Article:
Chapter 10 %28pages 139-152%29

Chapter 10 %28pages 139-152%29 - MSIT 3000 Chapter 10...

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MSIT 3000 Chapter 10 Testing Hypotheses about Proportions A study was done to see if bank executives were more inclined to promote males than females. Forty-eight randomly chosen bank executives were given a resume of a fictitious candidate and asked if they would promote the given candidate to a management position. The 48 resumes were identical except 24 had male names and 24 had females names. Thirty-five executives said they would promote the given candidate to a management position. However, of these 35 who would be promoted, 21 were male and only 14 were female. Does this provide evidence of discrimination? YES or NO?? 139
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Assuming no discrimination against females, bank executives would be equally likely to promote either gender. The proportion of females who were recommended is 14/35 = 0.4, which is less than 0.5… but is it far enough from 0.5 to cast doubt on the initial assumption of no discrimination? Even though the 48 resumes were identical, only 35 were recommended for promotion. Could the reason be something other than discrimination? Would a different random sample of executives produce a proportion of recommended females closer to 0.5? In other words, how sure can we be that the observed 0.4 is due to discrimination rather than randomness? We need a formal statistical procedure to decide. 140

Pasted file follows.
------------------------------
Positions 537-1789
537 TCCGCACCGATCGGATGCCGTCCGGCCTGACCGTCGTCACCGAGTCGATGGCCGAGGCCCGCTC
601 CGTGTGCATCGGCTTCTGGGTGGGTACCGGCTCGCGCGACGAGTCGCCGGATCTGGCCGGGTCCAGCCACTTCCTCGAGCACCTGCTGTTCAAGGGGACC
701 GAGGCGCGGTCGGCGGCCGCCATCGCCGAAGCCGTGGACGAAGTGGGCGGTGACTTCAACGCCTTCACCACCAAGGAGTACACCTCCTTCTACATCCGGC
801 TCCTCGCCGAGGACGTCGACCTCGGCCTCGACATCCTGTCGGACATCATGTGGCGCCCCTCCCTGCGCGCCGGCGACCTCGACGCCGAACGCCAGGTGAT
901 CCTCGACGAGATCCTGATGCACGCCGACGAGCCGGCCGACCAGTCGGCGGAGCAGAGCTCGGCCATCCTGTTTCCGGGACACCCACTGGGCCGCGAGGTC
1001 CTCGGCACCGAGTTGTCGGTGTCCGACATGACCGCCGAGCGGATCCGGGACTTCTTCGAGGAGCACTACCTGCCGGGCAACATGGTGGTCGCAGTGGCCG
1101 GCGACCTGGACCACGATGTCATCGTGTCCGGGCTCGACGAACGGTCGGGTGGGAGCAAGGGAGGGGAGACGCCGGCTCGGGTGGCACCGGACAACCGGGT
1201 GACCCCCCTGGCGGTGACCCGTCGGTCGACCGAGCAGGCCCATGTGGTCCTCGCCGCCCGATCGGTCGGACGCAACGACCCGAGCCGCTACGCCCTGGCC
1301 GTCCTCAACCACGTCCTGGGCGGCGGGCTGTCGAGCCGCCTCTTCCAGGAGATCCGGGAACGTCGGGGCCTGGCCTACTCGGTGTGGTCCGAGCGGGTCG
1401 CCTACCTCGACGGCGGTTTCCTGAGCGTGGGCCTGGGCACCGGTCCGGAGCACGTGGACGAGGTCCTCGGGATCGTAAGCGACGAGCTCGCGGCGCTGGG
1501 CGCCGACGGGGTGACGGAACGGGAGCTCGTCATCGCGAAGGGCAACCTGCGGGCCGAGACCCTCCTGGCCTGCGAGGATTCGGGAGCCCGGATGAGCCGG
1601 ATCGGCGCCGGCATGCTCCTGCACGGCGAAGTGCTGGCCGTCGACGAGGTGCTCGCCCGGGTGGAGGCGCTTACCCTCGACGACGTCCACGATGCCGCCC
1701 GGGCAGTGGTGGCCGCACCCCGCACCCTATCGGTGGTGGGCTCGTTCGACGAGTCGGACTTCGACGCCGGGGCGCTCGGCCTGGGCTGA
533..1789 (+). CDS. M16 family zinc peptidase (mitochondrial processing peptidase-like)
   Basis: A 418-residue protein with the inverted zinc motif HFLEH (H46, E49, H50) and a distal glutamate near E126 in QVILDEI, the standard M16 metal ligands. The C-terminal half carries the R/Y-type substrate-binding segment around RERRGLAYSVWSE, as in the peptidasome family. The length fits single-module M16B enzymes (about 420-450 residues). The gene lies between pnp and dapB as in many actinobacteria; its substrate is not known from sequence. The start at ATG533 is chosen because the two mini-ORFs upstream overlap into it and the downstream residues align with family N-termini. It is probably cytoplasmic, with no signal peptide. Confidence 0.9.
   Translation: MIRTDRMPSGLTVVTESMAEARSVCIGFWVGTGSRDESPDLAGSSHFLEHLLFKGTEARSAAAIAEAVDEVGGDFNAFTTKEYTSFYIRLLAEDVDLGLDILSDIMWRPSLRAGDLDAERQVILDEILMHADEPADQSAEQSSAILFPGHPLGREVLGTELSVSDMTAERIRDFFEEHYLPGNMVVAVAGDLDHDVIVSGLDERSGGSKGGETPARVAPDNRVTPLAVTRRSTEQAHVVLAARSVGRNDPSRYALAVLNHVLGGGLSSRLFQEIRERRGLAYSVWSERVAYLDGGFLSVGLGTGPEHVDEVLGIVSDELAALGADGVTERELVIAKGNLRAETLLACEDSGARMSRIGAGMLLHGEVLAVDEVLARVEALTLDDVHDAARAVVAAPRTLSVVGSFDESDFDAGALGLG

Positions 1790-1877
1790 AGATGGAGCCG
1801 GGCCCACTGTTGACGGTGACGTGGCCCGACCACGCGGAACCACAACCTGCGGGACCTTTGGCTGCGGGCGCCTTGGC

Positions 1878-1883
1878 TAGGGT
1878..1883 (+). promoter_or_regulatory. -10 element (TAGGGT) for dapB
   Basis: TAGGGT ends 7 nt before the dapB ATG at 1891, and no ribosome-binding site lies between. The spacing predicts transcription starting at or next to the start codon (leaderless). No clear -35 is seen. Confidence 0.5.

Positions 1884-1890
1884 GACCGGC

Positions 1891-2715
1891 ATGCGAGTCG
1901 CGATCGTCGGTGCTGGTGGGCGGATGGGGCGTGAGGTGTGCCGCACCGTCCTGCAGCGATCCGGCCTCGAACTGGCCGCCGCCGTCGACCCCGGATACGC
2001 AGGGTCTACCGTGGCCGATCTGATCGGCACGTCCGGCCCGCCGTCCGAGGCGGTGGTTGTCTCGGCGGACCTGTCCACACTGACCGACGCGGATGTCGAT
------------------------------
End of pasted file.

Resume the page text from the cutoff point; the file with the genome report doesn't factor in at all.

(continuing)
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MSIT 3000 Section 10.1: Hypotheses Hypothesis Test for a Single Proportion 1. Hypotheses: H 0 : p = p 0 H a : p < p 0 left-tailed test H a : p > p 0 right-tailed test H a : p ≠ p 0 two-tailed test 2. Model: Random sample, 10% condition, and, both np 0 10 and nq 0 10. 3. Mechanics a. z = 0 0 0 ˆ p p p q n - test statistic b. Find probability (p-value*) using normal model 4. Conclusions: If P-value α , reject H 0 . There is sufficient evidence, at α , H a is true. If P-value > α , fail to reject H 0 . There is not sufficient evidence, at α , H a is true. *A HT asks, "Could these data plausibly have happened by chance if the null hypothesis were true?” This is the probably represented by a p-value. 141
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Ex : A consulting firm had predicted that 35% of the employees at a large firm would take advantage of a new company credit union, but management is optimistic. They think the rate is higher. A survey of 300 employees shows that 128 of them are currently taking advantage of the Credit Union. Is the proportion of employees who use the Credit Union higher than the consulting firm predicted? Use α = 0.05. a. State hypotheses
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Chapter 10 %28pages 139-152%29 - MSIT 3000 Chapter 10...

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